Indigenous and conservation groups welcome the hearing, emphasizing the urgency to provide more durable protections for critical areas of national forests
WASHINGTON – The U.S. House Natural Resources Committee Subcommittee on National Parks, Forests, and Public Lands will hold a hearing on Wednesday to consider the Roadless Area Conservation Act. Introduced in 2021 by Reps. Ruben Gallego of Arizona and Diana DeGette of Colorado, this bill would reinforce the landmark 2001 Roadless Rule, which was enacted under the Clinton administration. Indigenous leaders and conservation advocates expressed support for the Roadless Area Conservation Act because it will establish more permanent protections for critical forests, including the Tongass National Forest in southeast Alaska. More than 90 groups signed a letter of support for the legislation that was sent to the committee calling for its urgent passage. The Roadless Area Conservation Act would prevent future administrations from removing protections from the Tongass and other national forests. In 2020, the Trump administration removed roadless protection from 9.2 million acres of the Tongass.
The Tongass is integral to the local community, particularly to the Tlingit, Haida and Tsimshian peoples who have lived in the Tongass for thousands of years. From salmon streams to hunting and cultural use, tribal traditions depend on a healthy forest.
“The Tongass Forest is my home. Home to the ancient Tlingit, Haida, and Tsimshian Indigenous Peoples. The air we breathe, the water we depend on, the land we live upon, all pristine. It is a life to cherish. It is a way of living worth fighting for,” said Kashudoha Wanda Loescher Culp (Tlingit), WECAN Tongass coordinator. “The Biden administration’s restoration of the Roadless Rule is vital for protecting our forest homelands as Indigenous peoples of the Tongass. Now we must ensure that the Roadless Rule is codified into law to protect the forest from industrial exploitation, and to ensure it remains standing for current and future generations.”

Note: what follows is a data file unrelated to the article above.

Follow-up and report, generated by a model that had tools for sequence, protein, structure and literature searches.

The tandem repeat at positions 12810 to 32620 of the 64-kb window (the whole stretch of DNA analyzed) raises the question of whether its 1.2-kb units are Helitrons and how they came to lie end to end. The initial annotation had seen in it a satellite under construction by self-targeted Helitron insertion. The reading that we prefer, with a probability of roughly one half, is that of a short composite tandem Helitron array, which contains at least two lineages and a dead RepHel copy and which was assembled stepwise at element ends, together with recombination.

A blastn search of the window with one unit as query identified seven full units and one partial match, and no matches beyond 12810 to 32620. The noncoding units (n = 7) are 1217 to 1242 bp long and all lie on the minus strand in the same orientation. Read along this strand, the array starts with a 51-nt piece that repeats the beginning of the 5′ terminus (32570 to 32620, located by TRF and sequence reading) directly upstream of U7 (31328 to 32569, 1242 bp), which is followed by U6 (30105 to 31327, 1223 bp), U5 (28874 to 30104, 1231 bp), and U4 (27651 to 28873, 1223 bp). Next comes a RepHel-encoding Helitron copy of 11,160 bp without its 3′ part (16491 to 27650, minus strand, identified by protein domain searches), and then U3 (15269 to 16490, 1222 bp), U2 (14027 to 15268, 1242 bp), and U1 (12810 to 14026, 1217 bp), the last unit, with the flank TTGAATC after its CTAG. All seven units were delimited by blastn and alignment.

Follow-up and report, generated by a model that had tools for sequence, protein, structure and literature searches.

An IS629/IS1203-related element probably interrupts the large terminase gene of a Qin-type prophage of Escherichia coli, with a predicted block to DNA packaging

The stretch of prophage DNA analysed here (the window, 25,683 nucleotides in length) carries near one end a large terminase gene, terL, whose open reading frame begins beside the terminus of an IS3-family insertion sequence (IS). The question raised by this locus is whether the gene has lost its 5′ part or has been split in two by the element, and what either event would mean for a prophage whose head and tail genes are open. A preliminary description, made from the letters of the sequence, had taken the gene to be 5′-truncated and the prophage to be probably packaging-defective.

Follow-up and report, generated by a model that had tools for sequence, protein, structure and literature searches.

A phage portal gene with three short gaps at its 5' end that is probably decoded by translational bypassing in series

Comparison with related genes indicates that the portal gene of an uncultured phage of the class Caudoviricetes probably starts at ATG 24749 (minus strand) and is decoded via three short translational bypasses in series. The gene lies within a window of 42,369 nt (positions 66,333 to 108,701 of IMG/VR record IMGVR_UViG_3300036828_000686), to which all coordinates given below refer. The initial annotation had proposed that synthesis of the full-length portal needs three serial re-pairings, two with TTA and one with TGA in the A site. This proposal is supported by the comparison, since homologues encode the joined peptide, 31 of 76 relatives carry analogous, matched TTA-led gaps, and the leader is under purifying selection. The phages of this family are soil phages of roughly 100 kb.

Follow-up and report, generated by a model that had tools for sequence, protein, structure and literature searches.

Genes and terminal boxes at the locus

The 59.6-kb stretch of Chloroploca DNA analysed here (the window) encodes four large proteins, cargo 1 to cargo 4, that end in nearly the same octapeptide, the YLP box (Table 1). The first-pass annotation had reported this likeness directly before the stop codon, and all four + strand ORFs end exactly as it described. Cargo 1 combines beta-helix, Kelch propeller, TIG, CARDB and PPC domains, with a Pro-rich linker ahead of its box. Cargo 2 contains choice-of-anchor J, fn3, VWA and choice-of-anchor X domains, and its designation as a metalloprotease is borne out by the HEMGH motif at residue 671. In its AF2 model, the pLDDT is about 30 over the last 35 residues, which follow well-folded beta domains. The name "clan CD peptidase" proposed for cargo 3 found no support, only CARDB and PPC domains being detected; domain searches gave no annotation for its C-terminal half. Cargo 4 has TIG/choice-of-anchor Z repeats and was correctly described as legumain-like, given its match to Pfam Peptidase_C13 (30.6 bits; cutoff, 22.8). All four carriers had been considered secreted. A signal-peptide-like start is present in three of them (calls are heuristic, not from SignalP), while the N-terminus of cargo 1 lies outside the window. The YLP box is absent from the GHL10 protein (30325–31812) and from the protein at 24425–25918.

Climate models show that Alaska is warming twice as fast as the rest of the country. However, the Tongass appears as though it may be a regional exception, potentially providing a climate refuge for a multitude of species. The Tongass is responsible for storing the equivalent of 1.5 times the nation’s total greenhouse gas emissions. Nearly all (95%) of that carbon is stored in its productive old-growth rainforests and inventoried roadless areas.*
“Forests, especially mature and old-growth forests, are a straightforward yet critical climate solution. We must protect them from logging,” said Ellen Montgomery, Environment America’s Public Lands Campaign director. “Forests on federal lands sequester 35 million metric tons of carbon from the atmosphere. There is simply no technology that can measure up to forests for carbon removal at this scale.”
The bill would protect almost 60 million total acres of forests from road building and maintenance projects largely designed to accommodate the logging industry, all subsidized by taxpayers. Taxpayers have lost approximately $600 million on the Tongass timber program since 1999.
“Southeast Alaska’s economy is transitioning toward sustainability because a healthy, vibrant Tongass National Forest can provide for people today and in the future if we don’t trade it for short term gains,” said Andy Moderow, Alaska director for Alaska Wilderness League. “We support the Roadless Area Conservation Act. The Roadless Rule protects Tongass old-growth while also allowing for community access, hydropower projects, utility connectors and other economic development projects when they serve a legitimate public interest.”
America’s roadless areas are essential for safeguarding countless species’ habitats, drinking water for millions of Americans and recreation opportunities for hikers, fishers, and climbers.
* DellaSala, D.A. et al. In press. The Tongass National Forest, Southeast Alaska, USA: A Natural Climate Solution of Global Significance. Land (in press).